Today started off a whole lot better than yesterday. I even had my breakfast brought up to me in bed. Today was a holiday so Gordon was at home; and he used his laptop for only about 30 minutes!!
There were loads of extra events at the local folk museum today to celebrate St Patrick’s Day. It’s a bit different to how I did things as a child. Then, Paddy’s day was a great excuse to break my lentern denial of sweets. We all pinned a bunch of shamrocks to our coat with a big golden harp thing, headed to Mass and sang the Hail Glorious St Patrick hymn, then we stuffed our faces with sweets before heading to Letterkenny in Donegal for a fairly rubbish parade. I don’t do the mass thing any more so the religious aspect of the day is lost to me. I can’t be doing with all that corny green beer either, not that I get much opportunity for sitting about in pubs anyway. But it’s a bit annoying how it’s almost seen as St bloody Guinness’s day now! The folk museum thing was nice though, and no matter what foot you kick with, you could enjoy it ;-)
But of course we’re not your average family. It was cold and windy (it wid’a foundered ye). The children went rushing off and started going into some of the little houses, looking at the open fires, running up the narrow staircases. Duncan really liked the room housing an old town library, especially the grandfather clock and the glass case full of stuffed birds. I suppose that kind of thing was cool 100 years ago. Some bright spark had decided to stick an ice-cream van in the middle of the town square. Did they not know we were coming? Do they not know how tricky it is to keep Duncan away from that kind of thing? And did they not think that it was a bit of wishful thinking to expect to sell much ice-cream on a cold March day in the top bit of Ireland?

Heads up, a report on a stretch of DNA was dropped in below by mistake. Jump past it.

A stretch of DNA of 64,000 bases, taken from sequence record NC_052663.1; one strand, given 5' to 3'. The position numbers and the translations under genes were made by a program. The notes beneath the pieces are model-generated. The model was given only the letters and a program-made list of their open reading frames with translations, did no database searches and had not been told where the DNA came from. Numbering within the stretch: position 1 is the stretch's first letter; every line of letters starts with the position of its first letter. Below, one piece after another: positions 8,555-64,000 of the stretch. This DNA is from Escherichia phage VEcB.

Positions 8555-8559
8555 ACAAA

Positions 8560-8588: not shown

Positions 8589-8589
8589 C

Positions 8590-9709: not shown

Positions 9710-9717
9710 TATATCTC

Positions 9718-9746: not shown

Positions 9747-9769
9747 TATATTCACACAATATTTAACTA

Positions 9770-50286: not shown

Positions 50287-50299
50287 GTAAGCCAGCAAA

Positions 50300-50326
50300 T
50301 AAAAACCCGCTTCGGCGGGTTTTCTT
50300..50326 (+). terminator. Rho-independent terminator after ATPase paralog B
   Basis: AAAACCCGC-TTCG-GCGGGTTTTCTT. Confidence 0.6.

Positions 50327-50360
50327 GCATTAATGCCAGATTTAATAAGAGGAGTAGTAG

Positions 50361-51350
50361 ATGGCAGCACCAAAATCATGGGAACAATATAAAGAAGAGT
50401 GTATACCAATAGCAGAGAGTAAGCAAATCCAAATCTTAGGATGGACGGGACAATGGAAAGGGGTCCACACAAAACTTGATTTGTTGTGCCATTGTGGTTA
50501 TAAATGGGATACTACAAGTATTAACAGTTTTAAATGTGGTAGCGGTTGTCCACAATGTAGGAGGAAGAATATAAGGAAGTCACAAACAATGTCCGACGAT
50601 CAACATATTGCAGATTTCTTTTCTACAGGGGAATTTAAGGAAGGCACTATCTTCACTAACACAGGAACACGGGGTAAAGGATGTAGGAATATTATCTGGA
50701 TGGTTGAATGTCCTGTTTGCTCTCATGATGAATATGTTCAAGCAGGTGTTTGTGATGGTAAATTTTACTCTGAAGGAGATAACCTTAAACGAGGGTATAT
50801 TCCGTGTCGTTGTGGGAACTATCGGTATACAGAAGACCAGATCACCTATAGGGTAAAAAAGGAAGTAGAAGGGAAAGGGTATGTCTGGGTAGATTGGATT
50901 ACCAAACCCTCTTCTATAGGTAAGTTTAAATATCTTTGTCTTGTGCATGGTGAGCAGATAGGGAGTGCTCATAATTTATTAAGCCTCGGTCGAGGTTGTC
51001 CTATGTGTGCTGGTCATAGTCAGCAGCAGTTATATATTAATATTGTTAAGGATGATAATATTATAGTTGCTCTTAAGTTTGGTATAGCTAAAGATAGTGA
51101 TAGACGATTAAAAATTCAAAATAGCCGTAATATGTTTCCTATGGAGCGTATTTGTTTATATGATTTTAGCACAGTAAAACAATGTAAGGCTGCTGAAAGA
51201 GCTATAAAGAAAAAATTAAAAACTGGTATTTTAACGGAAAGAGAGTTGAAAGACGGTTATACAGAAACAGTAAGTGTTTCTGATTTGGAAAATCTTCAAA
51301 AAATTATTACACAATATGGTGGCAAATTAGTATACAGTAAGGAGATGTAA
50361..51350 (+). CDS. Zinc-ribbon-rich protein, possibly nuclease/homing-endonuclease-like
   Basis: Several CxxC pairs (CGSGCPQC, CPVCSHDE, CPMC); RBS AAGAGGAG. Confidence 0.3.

True to form he made straight for the van, and I lead him away telling him I would buy some ‘floss’ (candyfloss, which they also sold) just before we went home. After that he was in and out of buildings, running to the van in between with me panting along behind him. Once I was a few seconds too slow and he was trying to climb up into the van. Lady was closer so she pulled him down and I heard her tell the woman there, ‘he’s got autism’ in her straightforward manner. Just before we left, we all had a ride on a trap pulled by 2 beautiful shire horses. They all loved this. Thomas and Gordon sat up front beside the driver, and Duncan squealed with pleasure and sang ‘horsy, horsy, don’t you stop’ twice!
One thing that went through my mind as I was watching him run around shouting and squealing with happiness, enjoying the feeling of the wind pushing him, I thought about how he would appear to others. The sound he was making sounded like ‘arghhh!’ but happy. I thought that though he sounds cute doing it now, if he’s making that kind of noise when he’s 10 it will look weird. Though why I thought about this I don’t know because I couldn’t actually give a flying duck what outsiders think.
He was fed up when we were leaving as he wanted more ‘floss’ and made a terrible racket in the car. It upset Gordon more than me. I think I’ve finally realised that it’s not worth getting upset because he always gets over it soon enough. One thing I will have to sort out though is a new seat belt system as he kept undoing his.
Our new desktop computer arrived from Dell; I ordered it at almost midnight on Tuesday and it was delivered yesterday. We bought the cheapest one they sell, £289, and Gordon and Lady went to PC World to buy a speaker system and internet connection. He loves it there (and hifi shops and stationary shops and electronic music shops). When they came home, he told me they’d had a great talk about progress. Hmm. She told us that she’s going to test Santa’s existence by asking him for the ASIMO robot Gordon showed her; she reckons if he’s real he’ll be able to get it, but if it’s just her parents, we’ll never be able to afford it.
I might ask him for a 5 day a week maid, just in case he’s real.